The ensuing conversation is a good sample of the freedom and variety of “talk” in which Johnson luxuriated, and shows how important a part Mrs. Thrale played in it:
“ Mrs. Thrale told us, that a curious clergyman of our acquaintance (Dr. Lort is named in the margin) had discovered a licentious stanza, which Pope had originally in his Universal Prayer,' before the stanza,
« « What conscience dictates to be done,
Or warns us not to do,' &c.
It was this:
"Can sins of moment claim the rod
Of everlasting fires ?
Which Nature's self inspires ?'
and that Dr. Johnson observed, it had been borrowed from Guarini. There are, indeed, in Pastor Fido, many such flimsy, superficial reasonings as that in the last two lines of this stanza.
“ Boswell. “In that stanza of Pope's, “ rod of fires” is certainly a bad metaphor.' Mrs. Thrale. "And "sins of moment” is a faulty expression ; for its true import is momentous, which cannot be intended. Johnson. "It must have been written 6 of moments.” Of moment, is momentous ; of moments, momentary. I warrant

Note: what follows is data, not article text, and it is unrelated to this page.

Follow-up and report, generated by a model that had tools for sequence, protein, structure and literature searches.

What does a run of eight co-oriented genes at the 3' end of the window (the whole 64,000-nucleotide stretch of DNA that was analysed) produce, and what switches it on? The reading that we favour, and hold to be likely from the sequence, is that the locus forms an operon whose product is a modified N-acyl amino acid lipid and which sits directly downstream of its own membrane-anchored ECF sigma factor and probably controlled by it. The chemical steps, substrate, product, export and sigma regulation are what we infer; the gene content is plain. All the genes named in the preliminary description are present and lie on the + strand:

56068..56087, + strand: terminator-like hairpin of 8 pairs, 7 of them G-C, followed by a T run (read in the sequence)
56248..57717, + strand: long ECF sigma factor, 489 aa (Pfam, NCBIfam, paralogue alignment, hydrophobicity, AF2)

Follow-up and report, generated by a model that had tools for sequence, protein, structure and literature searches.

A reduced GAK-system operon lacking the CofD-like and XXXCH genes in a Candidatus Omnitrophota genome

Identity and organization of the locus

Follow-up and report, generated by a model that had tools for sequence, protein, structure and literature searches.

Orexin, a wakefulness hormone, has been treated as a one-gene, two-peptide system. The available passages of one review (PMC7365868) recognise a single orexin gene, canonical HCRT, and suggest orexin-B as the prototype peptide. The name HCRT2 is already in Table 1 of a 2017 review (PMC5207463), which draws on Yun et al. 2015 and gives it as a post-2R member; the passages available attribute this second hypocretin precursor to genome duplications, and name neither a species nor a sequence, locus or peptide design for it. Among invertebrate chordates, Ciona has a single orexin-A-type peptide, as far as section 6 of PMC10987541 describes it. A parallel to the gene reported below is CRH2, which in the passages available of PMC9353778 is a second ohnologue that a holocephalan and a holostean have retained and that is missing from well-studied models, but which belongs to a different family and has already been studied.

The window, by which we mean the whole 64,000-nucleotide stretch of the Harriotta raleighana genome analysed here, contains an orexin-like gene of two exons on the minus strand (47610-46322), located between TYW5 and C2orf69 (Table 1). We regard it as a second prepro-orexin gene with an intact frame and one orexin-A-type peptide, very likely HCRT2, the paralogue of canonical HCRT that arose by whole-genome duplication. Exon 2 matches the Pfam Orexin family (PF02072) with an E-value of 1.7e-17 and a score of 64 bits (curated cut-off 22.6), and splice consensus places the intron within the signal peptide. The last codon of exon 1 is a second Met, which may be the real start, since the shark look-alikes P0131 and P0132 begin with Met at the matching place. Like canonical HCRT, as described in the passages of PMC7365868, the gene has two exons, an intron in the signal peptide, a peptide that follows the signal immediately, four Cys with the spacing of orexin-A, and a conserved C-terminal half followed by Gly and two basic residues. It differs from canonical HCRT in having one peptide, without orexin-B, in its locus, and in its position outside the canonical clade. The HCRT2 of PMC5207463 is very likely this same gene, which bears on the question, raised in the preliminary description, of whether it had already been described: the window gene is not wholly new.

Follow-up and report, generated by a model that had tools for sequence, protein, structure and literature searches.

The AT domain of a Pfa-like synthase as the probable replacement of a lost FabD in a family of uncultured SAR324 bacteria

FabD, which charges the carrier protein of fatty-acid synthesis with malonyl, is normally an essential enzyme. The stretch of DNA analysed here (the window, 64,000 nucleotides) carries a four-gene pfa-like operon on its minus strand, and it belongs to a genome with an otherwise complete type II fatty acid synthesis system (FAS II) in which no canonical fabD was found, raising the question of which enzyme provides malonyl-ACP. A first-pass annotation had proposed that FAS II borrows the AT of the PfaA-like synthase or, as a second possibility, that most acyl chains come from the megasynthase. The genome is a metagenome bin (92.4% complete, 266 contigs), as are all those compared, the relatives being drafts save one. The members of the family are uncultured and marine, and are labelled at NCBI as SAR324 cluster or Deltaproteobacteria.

you, however, Pope wrote this stanza, and some friend struck it out.'
“ Talking of divorces, I asked if Othello's doctrine was not plausible :
“He that is robbed, not wanting what is stolen,
Let him not know't, and he's not robbed at all.'
Dr. Johnson and Mrs. Thrale joined against this. Johnson. • Ask any man if he'd wish not to know of such an injury.' Boswell. Would you tell your friend, to make him unhappy ?' Johnson. “Perhaps, Sir, I should not; but that would be from prudence on my own account. A man would tell his father.' Boswell. “Yes; because he would not have spurious children to get any share of the family inheritance. Mrs. Thrale. Or he would tell his brother. Boswell. Certainly his elder brother.